Well, the Russians are up to something again— whale training for the navy.
What kind of high school science project is this?
According to CBS News, Norwegian fishermen and scientists have spotted a beluga whale with a harness harassing boats off the northeastern coast of Norway within the past week. It’s reported that the Norwegian Director of Fisheries removed the harness from the whale and found where the harness was from.
The harness was labeled with a description of “Equipment of St. Petersburg.” Now don’t start thinking that it was a whale from Florida, because it wasn’t. St. Petersburg is a port city in Russia, which is connected to the Baltic Sea. It also happens to home the Leningrad Naval Base for the Russians. Hmm. Seems connected right?
Well, you’re right. It probably is.
So where did training whales start for Russia?
Interestingly enough since the Cold War-ear Russia has been trying to weaponize sea mammals for their navy. The job of the sea mammals was to alert military forces and identify underwater weapons. It’s reported the program ran until the 1990s, but the program may be returning.
Hear me out, it may be a longshot, but what’s the difference between teaching mammals to detect weapons and teaching mammals to jump through hoops?
I know it’s a far jump, but let me explain. There are a ton of wildlife preserves and organizations that fight for the rights of animals to be just that, animals. They look for people to join them in the fight to get places like SeaWorld shut down. Something about using mammals to search for weapons in the navy seems cruel.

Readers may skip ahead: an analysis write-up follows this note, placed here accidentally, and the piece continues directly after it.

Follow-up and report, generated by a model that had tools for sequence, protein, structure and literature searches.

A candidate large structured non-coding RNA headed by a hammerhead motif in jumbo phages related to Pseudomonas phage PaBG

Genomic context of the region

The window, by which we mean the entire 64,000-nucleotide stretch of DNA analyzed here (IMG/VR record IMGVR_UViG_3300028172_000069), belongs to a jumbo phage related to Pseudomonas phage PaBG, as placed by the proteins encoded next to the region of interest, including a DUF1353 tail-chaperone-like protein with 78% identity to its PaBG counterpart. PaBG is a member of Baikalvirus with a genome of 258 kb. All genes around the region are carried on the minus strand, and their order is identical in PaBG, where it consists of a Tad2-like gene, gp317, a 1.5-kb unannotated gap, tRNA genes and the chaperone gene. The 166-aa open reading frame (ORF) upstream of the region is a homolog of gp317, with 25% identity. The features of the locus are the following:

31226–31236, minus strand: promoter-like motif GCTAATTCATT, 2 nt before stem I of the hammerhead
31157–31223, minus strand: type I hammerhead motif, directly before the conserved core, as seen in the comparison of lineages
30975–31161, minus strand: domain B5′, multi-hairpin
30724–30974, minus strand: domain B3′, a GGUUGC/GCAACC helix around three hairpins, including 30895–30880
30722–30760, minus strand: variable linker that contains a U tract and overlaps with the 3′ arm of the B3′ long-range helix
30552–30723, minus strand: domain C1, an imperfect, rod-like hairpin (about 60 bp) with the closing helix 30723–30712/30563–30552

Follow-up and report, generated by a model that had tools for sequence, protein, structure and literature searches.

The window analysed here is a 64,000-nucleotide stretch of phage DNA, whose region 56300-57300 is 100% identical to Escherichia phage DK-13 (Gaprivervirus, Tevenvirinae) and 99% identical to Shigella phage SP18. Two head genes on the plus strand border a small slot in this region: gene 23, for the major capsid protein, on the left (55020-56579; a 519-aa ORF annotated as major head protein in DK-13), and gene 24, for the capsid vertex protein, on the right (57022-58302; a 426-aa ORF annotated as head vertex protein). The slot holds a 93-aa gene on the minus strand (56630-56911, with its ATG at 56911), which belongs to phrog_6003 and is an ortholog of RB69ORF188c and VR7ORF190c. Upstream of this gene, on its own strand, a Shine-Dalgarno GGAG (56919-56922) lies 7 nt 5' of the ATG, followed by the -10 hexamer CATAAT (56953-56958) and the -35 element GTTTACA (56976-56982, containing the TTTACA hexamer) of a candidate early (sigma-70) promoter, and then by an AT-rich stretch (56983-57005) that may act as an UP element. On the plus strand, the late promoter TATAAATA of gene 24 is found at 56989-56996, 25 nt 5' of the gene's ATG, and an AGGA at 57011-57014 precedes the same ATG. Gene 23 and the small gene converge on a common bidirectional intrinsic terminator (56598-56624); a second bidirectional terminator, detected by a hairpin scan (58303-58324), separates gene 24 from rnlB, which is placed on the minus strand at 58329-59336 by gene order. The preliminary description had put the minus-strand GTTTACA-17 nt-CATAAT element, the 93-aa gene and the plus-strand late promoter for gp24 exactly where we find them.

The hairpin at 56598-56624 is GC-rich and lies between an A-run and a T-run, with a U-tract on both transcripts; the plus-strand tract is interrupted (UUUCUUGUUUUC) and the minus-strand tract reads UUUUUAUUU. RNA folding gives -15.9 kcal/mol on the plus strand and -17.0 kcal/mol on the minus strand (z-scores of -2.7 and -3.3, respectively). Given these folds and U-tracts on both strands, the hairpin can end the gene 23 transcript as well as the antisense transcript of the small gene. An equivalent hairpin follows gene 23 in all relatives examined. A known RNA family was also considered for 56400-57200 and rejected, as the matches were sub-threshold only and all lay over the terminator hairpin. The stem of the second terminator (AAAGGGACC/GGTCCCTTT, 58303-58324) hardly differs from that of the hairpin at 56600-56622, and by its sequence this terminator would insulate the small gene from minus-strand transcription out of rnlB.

According to organizations like People for the Ethical Treatment of Animals “animals suffer the most intensely for the longest periods of time: in laboratories, in the food industry, in the clothing trade, and in the entertainment industry,” they wrote on their website. This means, they have studied trends involving animals in captivity.
According to PETA orca whales can swim up to 140 miles a day but at SeaWorld are left in tanks that are too small and restrict how many miles they swim. Along with swimming restrictions, SeaWorld has had 42 orcas die on their watch. Those 42 orcas don’t count the number of stillbirths and death of calves in transportation.
Even though the whales at SeaWorld are kept under stricter circumstances, it doesn’t mean that whales should be weaponized and bothering Norwegian fisherman.
All animals should be able to live a life in their natural habitat undisturbed by the hands of humans who want to show them off. If people really want to know and see the animals or mammals, they can travel to them and look at them from a distance.
Think of it this way, if someone came into your home, practically kidnapped you and then put you behind glass in mediocre living conditions, would you be happy? Ponder that idea for a while.